Police kill two Yemen protesters

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A supporter of the Yemeni government holds a dagger outside Sanaa University where anti-government protestors are gathered (AP)

Police have opened fire on protesters during clashes in a southern Yemeni port, killing two people, in the first known deaths in six days of Egypt-style demonstrations across the country’s biggest cities.

Protesters are demanding the removal of the president, a key US ally in battling al Qaida.

Around 2,000 police flooded the streets of the capital, Sanaa, on Wednesday in an attempt to halt the protests. Firing in the air, police locked the gates of Sanaa University with chains to prevent thousands of protesting students inside from marching out join crowds demonstrating elsewhere in the city, witnesses said.

A call spread via Facebook and Twitter urging Yemenis to join a series of One Million People rallies on a so-called Friday of Rage in all Yemeni cities, demanding the removal of president Ali Abdullah Saleh who has been in power for 32 years.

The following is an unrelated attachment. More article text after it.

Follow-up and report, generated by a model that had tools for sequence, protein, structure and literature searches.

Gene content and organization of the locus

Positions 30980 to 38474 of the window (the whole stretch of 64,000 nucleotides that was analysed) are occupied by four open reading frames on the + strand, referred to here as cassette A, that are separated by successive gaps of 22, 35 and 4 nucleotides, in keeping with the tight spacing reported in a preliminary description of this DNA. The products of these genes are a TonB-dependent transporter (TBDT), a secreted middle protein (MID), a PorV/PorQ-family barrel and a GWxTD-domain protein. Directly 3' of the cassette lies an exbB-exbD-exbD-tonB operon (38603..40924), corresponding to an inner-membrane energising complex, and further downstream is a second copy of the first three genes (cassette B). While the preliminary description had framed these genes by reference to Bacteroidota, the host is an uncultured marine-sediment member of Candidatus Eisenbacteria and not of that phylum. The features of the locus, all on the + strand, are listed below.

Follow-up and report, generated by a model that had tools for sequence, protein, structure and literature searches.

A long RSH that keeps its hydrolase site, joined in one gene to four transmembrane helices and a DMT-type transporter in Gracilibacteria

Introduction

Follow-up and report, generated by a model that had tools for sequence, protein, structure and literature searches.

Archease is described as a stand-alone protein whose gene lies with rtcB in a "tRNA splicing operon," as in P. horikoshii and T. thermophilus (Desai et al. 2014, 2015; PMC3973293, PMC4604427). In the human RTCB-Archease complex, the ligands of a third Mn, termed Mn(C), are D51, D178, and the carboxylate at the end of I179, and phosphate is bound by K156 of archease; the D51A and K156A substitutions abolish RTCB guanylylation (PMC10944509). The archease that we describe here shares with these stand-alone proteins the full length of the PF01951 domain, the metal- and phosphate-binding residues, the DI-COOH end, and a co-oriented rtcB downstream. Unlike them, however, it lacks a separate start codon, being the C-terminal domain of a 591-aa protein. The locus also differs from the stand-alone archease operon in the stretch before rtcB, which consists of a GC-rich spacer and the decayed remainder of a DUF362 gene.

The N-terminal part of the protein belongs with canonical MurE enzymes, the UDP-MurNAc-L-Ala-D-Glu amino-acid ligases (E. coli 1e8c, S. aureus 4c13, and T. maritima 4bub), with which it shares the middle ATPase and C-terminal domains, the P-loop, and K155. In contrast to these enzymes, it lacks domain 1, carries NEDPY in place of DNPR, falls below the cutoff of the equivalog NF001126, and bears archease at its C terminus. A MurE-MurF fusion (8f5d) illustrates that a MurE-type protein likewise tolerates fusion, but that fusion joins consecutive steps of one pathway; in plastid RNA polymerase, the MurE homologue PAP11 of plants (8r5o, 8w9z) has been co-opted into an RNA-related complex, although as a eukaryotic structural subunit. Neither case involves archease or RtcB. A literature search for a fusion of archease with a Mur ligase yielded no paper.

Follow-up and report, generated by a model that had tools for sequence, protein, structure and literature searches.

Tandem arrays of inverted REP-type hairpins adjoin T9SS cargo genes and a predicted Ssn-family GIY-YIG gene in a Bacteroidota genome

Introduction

“We will remain in the streets until the regime’s departure,” according to a statement posted on Facebook. Copies signed by a group named the February 24 Movement were distributed among youth via email. The group is taking that name because organisers hope to have their biggest protest on that day next week.

Taking inspiration from the toppling of autocratic leaders in Egypt and Tunisia, the protesters are demanding political reforms and Saleh’s resignation, complaining of poverty, unemployment and corruption in the Arab world’s most impoverished nation.

Saleh has tried to defuse protesters’ anger amid the unprecedented street demonstrations by saying he will not run for another term in 2013 and that he will not seek to set up his son, Ahmed, to succeed him in the conflict-ridden and poor nation.

Saleh has become a key US partner in battling al Qaida in the Arabian Peninsula, the terrorist network’s offshoot in Yemen.

The group’s several hundred fighters have battled Saleh’s US-backed forces and have been linked to attacks beyond Yemen’s borders, including the failed attempt to blow up a Detroit-bound airliner in December 2009.

Yemeni state TV reported that Saleh has been holding meetings since Sunday with heads of tribes to prevent them from joining the anti-government protests. On Wednesday he met with the Supreme Defence Council to discuss developments in the country.

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